It’s entirely possible for creators to miss the target when it comes to game design, such as by omitting a vital mission lesson, leaving out a crucial door, or making an enemy too powerful for players to overcome. These annoyances can permeate the whole game, even influencing the creators’ decisions. While the games themselves may not be terrible, they often fail to satisfy the very players they were designed for. These 10 games will give you a taste of insanity if you’ve ever wondered what it’s like to be at your wit’s end.
Usually, the FIFA series is on the up-and-up, with just enough tweaks to gameplay and squads each year to keep fans coming back for more soccer action. An alleged dynamic difficulty adjustment (DDA) mechanism was created to make certain players on the pitch fail so that games would be closer after you joined online play. Expect your entire squad to trip over their own feet while your goalkeeper chases butterflies if you’re ahead in an online battle until the score is level. It doesn’t matter how good your team is, they’ll always mess up when they’re up in the game. Users are noting strange incidents that magically tie up the matches, and Electronic Arts keeps denying reports that DDA (which they filed a patent for in 2016) is active specifically in FIFA Ultimate Team.
King’s Quest V
While you look at some of the first games, like King’s Quest 5, you might wonder how we ever managed to finish them when the industry was still in its infancy. Without any hints from the story or the characters, the player would be completely lost until consulting the gaming oracle in their area. Many consider King’s Quest 5 to be a low point in Sierra’s glory days due to its several late-game locks that may activate if certain early-game situations weren’t handled precisely. There was no warning that the player had been soft locked until well into the game, thus forcing them to start over with a new guess.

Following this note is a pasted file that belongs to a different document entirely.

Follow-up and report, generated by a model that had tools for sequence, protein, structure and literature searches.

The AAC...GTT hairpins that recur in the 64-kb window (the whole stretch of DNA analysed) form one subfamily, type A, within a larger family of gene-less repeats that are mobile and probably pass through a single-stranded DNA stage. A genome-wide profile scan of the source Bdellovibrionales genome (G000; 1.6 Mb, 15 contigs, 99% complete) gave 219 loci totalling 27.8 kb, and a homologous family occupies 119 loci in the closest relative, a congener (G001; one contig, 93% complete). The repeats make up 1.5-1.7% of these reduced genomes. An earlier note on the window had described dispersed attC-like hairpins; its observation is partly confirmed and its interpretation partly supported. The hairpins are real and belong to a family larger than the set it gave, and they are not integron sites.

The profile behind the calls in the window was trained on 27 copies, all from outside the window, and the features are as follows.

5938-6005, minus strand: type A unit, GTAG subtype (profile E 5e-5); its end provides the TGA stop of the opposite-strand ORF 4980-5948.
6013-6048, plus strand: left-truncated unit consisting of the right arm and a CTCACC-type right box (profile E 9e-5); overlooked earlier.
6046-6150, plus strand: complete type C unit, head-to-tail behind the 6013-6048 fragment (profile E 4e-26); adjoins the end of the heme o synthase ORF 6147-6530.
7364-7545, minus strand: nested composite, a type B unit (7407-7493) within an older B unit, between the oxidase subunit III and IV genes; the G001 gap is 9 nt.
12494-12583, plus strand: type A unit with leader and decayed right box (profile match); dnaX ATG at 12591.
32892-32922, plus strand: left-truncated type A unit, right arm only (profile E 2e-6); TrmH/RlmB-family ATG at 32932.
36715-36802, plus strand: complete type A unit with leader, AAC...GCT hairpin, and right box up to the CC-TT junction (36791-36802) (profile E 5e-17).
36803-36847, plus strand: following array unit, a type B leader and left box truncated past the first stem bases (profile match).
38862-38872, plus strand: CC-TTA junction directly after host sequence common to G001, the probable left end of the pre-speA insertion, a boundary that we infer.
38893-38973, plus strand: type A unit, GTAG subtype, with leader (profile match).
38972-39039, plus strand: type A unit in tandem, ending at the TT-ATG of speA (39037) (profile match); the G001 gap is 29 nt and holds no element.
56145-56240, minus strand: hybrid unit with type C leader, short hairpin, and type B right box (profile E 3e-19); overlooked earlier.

The premise of Kid Chameleon is brilliant: a virtual reality game’s artificial intelligence boss starts kidnapping players, and it’s up to him to rescue them. Maybe you’re interested in checking it out on Steam if the premise reminds you of the first season of Sword Art Online. Only until you find that there are 103 levels in the game and you can’t use passwords, save your progress, or even quit. You either win or lose in one swift motion of playing it. The game’s modern incarnations have the good sense to include an external saving system, but that doesn’t make up for the game’s first disappointments on the Sega Genesis. The game was fantastic, but it didn’t value players’ time very highly.
It’s neither an airplane nor a bird; rather, it’s a superhero in mortal peril who needs to locate something substantial to crash into several times before it will stop. Superman 64 was a game based on a video game that was actually titled Superman: The New Superman Adventures but was labeled by the public as something else due to its sluggish controls. One may argue that this game is one of the worst ever made, yet the situation really amps up the tension. As Superman: The Animated Series smashed television ratings in that era, hundreds of thousands of new fans flocked to this game the day it was released. Shortly after the game’s initial release, Titus Interactive lost its Warner Bros. license.